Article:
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3 finalists named for 2016 Broad Prize for Public Charter Schools

Craig Clough | May 18, 2016



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(Photo: IDEA Public Schools)

Three charter management organizations (CMOs) were named as finalists for the 2016 Broad Prize for Public Charter Schools, the National Alliance for Public Charter Schools and The Eli and Edythe Broad Foundation announced today.

The finalists are Success Academy Charter Schools in New York, IDEA Public Schools and YES Prep Public Schools. IDEA and YES Prep are in Texas, but IDEA announced recently that it is expanding for the first time beyond Texas and is eyeing numerous other states for new schools, including Washington, Idaho and Nevada.

• Read more: Big IDEAS: High-Achieving South Texas Charter Network Reveals National Expansion Plan

The winner of the $250,000 prize, which is given to the best-performing CMO serving significant numbers of low-income students and students of color, will be announced June 27 at the National Charter Schools Conference in Nashville, Tenn.

The Broad Foundation is based in Los Angeles, which has the most charter students of any district in the nation, but none of the finalists operate schools in LA, although eight that operate in LA were eligible this year. In 2014, KIPP Public Charter Schools, which operates 13 schools in Los Angeles as part of a national network, won the award.

The finalists are determined by a seven-member review board of national education experts who review “publicly available student performance and college-readiness data from the 2014-15 school year for 30 of the country’s largest public charter management organizations, compiled and analyzed by American Institutes for Research,” according to the Broad Foundation.

“The Broad Prize is an opportunity to celebrate the success of charter schools that are improving academic performance while reducing achievement gaps,” said Nina Rees, president and CEO of the National Alliance for Public Charter Schools, in a statement. “These three school systems are doing a phenomenal job of teaching all students and preparing them for a strong path ahead, and we really hope that public schools across the country can learn from their success.”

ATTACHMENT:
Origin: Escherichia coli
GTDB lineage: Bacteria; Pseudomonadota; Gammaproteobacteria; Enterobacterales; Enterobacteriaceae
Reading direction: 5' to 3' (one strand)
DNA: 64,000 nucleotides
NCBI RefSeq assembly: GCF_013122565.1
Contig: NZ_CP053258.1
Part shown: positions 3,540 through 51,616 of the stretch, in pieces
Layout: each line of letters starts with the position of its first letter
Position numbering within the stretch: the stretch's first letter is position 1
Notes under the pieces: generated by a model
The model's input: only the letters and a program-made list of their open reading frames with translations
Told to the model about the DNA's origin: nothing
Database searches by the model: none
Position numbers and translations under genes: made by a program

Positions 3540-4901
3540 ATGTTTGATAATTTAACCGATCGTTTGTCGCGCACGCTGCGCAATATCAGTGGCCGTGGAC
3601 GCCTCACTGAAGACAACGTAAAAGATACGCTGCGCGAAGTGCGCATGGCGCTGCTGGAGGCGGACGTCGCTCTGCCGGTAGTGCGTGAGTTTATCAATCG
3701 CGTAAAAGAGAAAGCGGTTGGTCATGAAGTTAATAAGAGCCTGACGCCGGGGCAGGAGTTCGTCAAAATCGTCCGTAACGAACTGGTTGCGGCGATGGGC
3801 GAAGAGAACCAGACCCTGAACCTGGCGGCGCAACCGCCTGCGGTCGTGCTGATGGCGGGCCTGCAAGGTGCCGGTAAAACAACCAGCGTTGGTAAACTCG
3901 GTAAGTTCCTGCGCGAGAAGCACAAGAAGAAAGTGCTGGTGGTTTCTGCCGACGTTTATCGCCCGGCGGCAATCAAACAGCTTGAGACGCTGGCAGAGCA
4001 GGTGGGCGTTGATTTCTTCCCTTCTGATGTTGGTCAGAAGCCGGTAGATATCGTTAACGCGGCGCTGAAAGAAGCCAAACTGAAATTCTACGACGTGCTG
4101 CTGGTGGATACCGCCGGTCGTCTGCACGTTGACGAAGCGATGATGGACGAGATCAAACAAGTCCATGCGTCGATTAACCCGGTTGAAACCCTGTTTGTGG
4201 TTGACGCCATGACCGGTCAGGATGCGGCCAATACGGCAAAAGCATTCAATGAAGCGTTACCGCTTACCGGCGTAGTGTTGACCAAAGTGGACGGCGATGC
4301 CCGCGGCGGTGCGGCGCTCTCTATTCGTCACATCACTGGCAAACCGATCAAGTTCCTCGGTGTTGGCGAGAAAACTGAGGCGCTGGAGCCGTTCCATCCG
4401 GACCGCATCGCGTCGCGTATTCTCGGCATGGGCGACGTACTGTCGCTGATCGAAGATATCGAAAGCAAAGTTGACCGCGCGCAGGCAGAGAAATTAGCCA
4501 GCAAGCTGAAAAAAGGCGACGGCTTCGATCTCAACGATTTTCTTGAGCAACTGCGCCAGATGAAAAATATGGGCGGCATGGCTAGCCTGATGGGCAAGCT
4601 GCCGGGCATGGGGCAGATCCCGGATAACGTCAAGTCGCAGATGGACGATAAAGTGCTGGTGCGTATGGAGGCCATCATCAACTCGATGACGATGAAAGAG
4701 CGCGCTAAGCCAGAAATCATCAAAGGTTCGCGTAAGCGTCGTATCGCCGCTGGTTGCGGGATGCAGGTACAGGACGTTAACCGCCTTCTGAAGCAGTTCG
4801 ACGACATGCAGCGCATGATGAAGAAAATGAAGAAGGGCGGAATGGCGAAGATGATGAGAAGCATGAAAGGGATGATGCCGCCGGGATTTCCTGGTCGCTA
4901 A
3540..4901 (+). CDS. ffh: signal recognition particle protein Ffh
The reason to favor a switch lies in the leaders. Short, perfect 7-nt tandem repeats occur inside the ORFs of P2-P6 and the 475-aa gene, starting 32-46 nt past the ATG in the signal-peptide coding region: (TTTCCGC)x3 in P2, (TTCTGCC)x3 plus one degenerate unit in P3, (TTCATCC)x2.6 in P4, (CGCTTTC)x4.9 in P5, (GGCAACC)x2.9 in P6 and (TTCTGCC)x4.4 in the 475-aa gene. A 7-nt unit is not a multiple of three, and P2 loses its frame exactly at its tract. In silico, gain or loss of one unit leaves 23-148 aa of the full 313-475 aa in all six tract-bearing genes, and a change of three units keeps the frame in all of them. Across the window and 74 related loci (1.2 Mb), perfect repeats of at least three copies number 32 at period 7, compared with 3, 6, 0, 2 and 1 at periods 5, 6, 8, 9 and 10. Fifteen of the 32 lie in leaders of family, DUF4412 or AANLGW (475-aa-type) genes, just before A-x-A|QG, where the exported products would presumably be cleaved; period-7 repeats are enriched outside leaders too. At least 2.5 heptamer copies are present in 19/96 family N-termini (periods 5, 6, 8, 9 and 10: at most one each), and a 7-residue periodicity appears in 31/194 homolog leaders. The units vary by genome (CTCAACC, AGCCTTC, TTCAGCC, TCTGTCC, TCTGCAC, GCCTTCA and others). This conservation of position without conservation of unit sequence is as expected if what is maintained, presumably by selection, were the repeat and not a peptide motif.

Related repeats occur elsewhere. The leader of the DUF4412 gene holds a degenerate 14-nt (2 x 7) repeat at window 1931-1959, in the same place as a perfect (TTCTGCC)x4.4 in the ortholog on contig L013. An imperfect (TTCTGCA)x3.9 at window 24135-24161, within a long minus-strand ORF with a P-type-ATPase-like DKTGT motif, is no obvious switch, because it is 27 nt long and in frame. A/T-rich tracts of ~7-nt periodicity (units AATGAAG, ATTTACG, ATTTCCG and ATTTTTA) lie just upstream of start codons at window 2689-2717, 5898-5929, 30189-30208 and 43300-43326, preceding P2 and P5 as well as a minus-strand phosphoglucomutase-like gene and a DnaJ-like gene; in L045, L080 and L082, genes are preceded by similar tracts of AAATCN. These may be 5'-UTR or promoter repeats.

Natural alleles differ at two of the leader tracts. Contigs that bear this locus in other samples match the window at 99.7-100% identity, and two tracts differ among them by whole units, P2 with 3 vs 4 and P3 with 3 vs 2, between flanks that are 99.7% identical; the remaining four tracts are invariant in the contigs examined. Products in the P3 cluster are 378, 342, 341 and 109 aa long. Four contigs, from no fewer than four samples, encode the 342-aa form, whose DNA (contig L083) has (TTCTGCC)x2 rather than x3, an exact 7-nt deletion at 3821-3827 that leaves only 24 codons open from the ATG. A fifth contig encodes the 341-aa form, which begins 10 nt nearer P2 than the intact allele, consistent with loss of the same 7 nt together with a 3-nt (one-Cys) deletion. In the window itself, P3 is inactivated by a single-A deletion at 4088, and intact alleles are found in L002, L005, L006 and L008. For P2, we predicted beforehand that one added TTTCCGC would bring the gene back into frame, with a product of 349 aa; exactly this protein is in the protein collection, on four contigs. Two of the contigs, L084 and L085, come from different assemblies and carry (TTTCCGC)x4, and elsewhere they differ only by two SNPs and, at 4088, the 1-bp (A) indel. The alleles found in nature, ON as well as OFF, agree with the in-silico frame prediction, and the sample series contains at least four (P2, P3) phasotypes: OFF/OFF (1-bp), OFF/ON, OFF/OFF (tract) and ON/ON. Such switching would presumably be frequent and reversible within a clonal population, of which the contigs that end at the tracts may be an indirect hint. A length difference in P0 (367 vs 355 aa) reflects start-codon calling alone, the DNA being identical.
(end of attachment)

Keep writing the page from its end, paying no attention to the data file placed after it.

Priscilla Wohlstetter is a professor at Columbia University’s Graduate School of Education and has been on the review panel since the charter award was first given out five years ago. She explained that among the criteria the review panel looks at, larger CMOs tend to be favored because evidence of having a replicable model is ranked high. Since many large CMOs in LA are focused solely on LA, this hurt their chances of winning the Broad prize.

“Many of the CMOs in LA tend to be very limited into certain geographic areas. And many people on the board — although there are no formal guidelines — come to the conclusion that if a charter management organization can succeed in different districts and different states with different authorizers, they are more replicable,” Wohlstetter said in an interview.

“Los Angeles’s public charter management organizations have always had a strong showing in the CMOs eligible for The Broad Prize for Public Charter Schools,” said Gregory McGinity, executive director of The Eli and Edythe Broad Foundation, in an email. “Networks like Green Dot Public Schools, Alliance College-Ready Public Schools, Partnerships to Uplift Communities and others provide a great education to their students, especially those from low-income families and communities of color. In 2014, KIPP Schools, which operates KIPP LA, won The Broad Prize for Public Charter Schools. With each year of the prize, we see a growing number of charter networks with impressive student achievement. We expect charter management organizations across the country to continue to raise the bar for what’s possible when it comes to providing great educational opportunities for all students.”